Placer County set to sweep up cleaning tax
February 14, 2008
Placer County officials and Tahoe property managers are at odds over the payment of a “cleaning tax” that the county is seeking following a recent audit.
The tax is part of the lodging tax that is levied on properties that are rented for 30 days or less.
County personnel say the tax was due all along.
But several property managers in the area do not remember ever having to collect the Transient Occupancy Tax based on cleaning labor.
“In the last 18 years that I’ve been doing business, they have not done this,” said Julie Weed of West Lake Properties.
Weed, along with others including John Falk, legislative advocate for the Tahoe Sierra Board Realtors, say Placer County decided to reinterpret the definition of rent last summer as it appears in the bed tax guidebook.
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And they accuse Placer County of sending short notification of the cleaning tax to management firms.
Jim Plumbridge of Wells and Bennett said he received a letter on Jan. 11 2008, notifying him that he should start collecting the tax by Jan. 1. Plumbridge’s firm represents 200 properties and he wonders if county tax collectors are only imposing the tax on District 5 because of the high volume of tourists.
Placer County officials point to their tax code, which they say has always included labor in the definition of rent, and is applied throughout the county. The Tahoe area pays 10 percent of rental charges, while the western portion pays 8 percent in bed taxes. The arrangement was approved by county voters, Falk said.
“All costs that are mandatory to rent the room are subject to TOT tax,” stated Placer County’s Tahoe Manager Jennifer Merchant.
The property management firms were not collecting the tax and not paying them, she said.
Merchant explained the code has not changed since its inception in 1964.
Falk counters that Placer County Transient Occupancy Tax changes, “were unilaterally imposed upon property managers in the eastern portion of the county within the Sierras,” and, “the [Placer County] staff initiated this process rather than following policy direction from our elected officials.”
A letter was sent to property owners notifying them that the tax was to be collected by the first of the year, according to Candi McCord, the deputy director of administrative services in Placer County.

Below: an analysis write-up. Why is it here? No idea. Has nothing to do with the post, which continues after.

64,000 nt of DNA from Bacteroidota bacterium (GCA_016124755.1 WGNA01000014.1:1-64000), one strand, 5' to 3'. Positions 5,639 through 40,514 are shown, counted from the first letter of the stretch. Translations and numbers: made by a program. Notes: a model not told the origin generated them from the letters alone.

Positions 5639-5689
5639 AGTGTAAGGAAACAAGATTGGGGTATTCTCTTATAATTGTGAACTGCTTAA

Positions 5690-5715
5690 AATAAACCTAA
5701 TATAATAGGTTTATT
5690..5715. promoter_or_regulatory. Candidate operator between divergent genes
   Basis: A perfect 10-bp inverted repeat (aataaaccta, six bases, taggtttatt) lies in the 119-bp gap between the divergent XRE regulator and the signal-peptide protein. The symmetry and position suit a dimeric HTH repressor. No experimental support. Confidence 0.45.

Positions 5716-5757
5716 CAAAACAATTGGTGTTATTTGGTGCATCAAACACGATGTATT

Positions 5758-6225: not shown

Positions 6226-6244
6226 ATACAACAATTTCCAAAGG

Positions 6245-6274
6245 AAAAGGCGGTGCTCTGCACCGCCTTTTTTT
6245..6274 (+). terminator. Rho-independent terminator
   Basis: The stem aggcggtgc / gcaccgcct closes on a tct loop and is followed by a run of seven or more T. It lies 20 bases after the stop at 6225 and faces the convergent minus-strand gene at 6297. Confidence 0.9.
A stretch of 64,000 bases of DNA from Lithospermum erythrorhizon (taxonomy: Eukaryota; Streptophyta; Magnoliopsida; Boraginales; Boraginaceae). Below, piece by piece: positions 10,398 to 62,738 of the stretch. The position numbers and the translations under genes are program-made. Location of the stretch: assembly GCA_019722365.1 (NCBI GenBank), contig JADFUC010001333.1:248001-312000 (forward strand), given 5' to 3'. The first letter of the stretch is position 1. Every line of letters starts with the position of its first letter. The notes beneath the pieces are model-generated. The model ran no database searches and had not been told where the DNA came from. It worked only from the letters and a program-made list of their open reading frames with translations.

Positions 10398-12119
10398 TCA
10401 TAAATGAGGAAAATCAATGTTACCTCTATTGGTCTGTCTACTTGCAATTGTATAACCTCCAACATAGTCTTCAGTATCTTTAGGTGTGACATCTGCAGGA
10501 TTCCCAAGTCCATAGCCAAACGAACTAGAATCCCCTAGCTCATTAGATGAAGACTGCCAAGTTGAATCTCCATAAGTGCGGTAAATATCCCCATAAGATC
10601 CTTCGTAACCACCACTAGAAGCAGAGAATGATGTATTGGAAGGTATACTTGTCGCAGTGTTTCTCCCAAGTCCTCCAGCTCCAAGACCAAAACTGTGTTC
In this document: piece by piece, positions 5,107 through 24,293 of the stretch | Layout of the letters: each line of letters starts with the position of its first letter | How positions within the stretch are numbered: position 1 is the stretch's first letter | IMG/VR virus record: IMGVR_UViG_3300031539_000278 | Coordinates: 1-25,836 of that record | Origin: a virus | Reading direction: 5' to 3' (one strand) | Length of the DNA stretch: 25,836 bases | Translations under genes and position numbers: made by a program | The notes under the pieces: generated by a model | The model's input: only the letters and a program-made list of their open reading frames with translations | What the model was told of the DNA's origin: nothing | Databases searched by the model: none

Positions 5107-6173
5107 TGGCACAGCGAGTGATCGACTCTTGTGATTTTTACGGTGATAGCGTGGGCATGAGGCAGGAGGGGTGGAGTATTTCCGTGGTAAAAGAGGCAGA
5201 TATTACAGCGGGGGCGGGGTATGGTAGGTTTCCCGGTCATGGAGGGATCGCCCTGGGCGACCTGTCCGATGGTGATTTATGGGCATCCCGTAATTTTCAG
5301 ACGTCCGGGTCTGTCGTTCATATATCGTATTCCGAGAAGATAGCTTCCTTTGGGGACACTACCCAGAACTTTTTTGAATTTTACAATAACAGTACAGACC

“It was fairly short notice, again the idea being that the tax should have been paid all along,” she said.
The summer time audit uncovered that the taxes on cleaning services were not being paid and originally levied retroactive fees reaching back to 2006, Merchant said.
Russ Baruh of Hauserman Rental Group Vacation Rentals claimed one property manager was asked to pay $50,000 in back taxes.
On Dec. 6 county personnel sent notification to the management firms that they would not have to pay back taxes on cleaning because many had never collected it and there was, “a lot of confusion,” McCord said. The county’s executive office made the call not to collect the back tax, McCord explained.
Now Falk, who represents 1,100 members within the Tahoe Sierra Board Realtors, has already met with the board’s attorney, but specified in a phone interview that a court case would be the wrong way to go.
“This does not need to be an adversarial discussion,” he said. “We don’t want to pursue this through the courts.”
County tax collectors are having problems with large hotels not charging resort fees, said Merchant. Those include valet parking and other services. Hotels are not dealing with the cleaning tax, because Merchant explained, “they don’t separate out their cleaning.”
The misunderstanding, she indicated, may be that the management firms subcontract their cleaning services because of the nature of renting a home instead of a hotel.